Book Covers: 'Slaughterhouse-Five,' 'A Scanner Darkly,' 'Dune.' Movie Posters: 'A Boy and His Dog,' 'Soylent Green'

This week finally sees the release of Youth in Revolt, the film version of C.D. Payne's 1993 novel. Considering the book's length (about 500 pages), director Miguel Arteta and screenwriter Gustin Nash faced the unenviable task of deciding what should remain and what should be excised. How do you make a 90-minute film that pleases the novel's legion of fans while remaining accessible to a larger audience that has never read it?

It's a challenge familiar to sci-fi fans. We've probably all experienced that moment of utter disbelief that a favorite story or novel has been twisted and mangled beyond recognition. But when the filmmakers get it right, honoring the spirit and creating a work that lives apart from its inspiration, it's magical. Regrettably, I don't read as many novels nowadays as in my earlier years, so I've never read the source material for some of my favorite science fiction films (e.g. Children of Men, Invasion of the Body Snatchers, Planet of the Apes). Still, it was difficult to narrow my choices down to just ten. Here's what I ended up with: a list of my ten favorite sci-fi adaptations. What are yours?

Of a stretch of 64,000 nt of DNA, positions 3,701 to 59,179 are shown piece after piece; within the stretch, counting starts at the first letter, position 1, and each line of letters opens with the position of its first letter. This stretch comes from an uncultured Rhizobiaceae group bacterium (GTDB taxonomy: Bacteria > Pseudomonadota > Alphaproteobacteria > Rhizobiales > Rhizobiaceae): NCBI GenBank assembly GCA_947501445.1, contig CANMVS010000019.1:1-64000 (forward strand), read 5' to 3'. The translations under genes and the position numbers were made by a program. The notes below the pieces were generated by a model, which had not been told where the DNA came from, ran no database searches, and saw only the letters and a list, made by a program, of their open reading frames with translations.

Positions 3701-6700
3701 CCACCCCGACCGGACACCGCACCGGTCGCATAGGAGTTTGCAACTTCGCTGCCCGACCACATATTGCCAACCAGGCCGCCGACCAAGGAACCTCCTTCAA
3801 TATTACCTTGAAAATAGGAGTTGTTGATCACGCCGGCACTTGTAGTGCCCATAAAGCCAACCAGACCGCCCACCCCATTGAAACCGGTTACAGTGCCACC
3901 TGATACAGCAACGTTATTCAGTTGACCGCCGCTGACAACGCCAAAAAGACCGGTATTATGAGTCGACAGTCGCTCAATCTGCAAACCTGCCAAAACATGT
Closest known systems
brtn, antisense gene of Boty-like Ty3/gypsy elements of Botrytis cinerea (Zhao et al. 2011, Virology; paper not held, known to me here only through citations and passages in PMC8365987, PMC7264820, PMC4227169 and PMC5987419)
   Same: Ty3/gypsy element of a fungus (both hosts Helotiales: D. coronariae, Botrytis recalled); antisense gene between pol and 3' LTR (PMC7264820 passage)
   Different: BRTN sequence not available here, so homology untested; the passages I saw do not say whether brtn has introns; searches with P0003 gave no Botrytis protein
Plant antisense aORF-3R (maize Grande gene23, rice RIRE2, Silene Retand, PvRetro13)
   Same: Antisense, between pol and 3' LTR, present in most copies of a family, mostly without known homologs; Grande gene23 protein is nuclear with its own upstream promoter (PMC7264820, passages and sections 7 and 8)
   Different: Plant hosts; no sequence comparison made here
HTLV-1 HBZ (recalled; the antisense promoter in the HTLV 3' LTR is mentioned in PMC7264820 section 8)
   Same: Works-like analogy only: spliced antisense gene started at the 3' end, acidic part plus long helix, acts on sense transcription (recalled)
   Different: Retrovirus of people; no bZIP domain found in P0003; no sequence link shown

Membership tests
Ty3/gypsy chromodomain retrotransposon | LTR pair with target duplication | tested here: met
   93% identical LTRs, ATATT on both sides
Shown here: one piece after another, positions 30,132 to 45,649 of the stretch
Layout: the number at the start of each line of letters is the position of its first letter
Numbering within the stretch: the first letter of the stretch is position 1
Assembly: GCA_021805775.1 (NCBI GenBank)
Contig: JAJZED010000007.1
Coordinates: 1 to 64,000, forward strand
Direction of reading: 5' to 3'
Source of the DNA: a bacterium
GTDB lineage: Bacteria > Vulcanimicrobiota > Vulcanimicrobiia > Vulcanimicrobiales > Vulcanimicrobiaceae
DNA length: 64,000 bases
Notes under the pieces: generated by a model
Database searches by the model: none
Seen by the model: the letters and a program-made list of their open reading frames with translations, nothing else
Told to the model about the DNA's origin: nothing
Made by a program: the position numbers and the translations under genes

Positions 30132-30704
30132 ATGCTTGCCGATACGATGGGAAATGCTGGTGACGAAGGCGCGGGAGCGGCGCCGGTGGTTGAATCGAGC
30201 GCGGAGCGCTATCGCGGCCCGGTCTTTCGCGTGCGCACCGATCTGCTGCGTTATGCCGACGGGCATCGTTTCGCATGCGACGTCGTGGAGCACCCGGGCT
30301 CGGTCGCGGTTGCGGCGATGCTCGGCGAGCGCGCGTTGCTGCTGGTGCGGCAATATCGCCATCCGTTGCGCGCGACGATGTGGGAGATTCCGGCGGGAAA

1. Slaughterhouse-Five
Screenwriter Stephen Geller took on a near-impossible job, adapting Kurt Vonnegut's wondrous novel, which was inspired by Vonnegut's real-life experiences during World War II. Oddly enough, George Roy Hill's direction is as sprightly as you'd expect from the man whose previous film was Butch Cassidy and the Sundance Kid. Yet Hill's jaunty approach was exactly the right way to capture the spirit, the basic trajectory, and much of the flavor of the novel, producing a picture that feels both tied to the year in which it was released (1972) and transcendent of time and place.

Read the rest over at SciFi Squad

categories Cinematical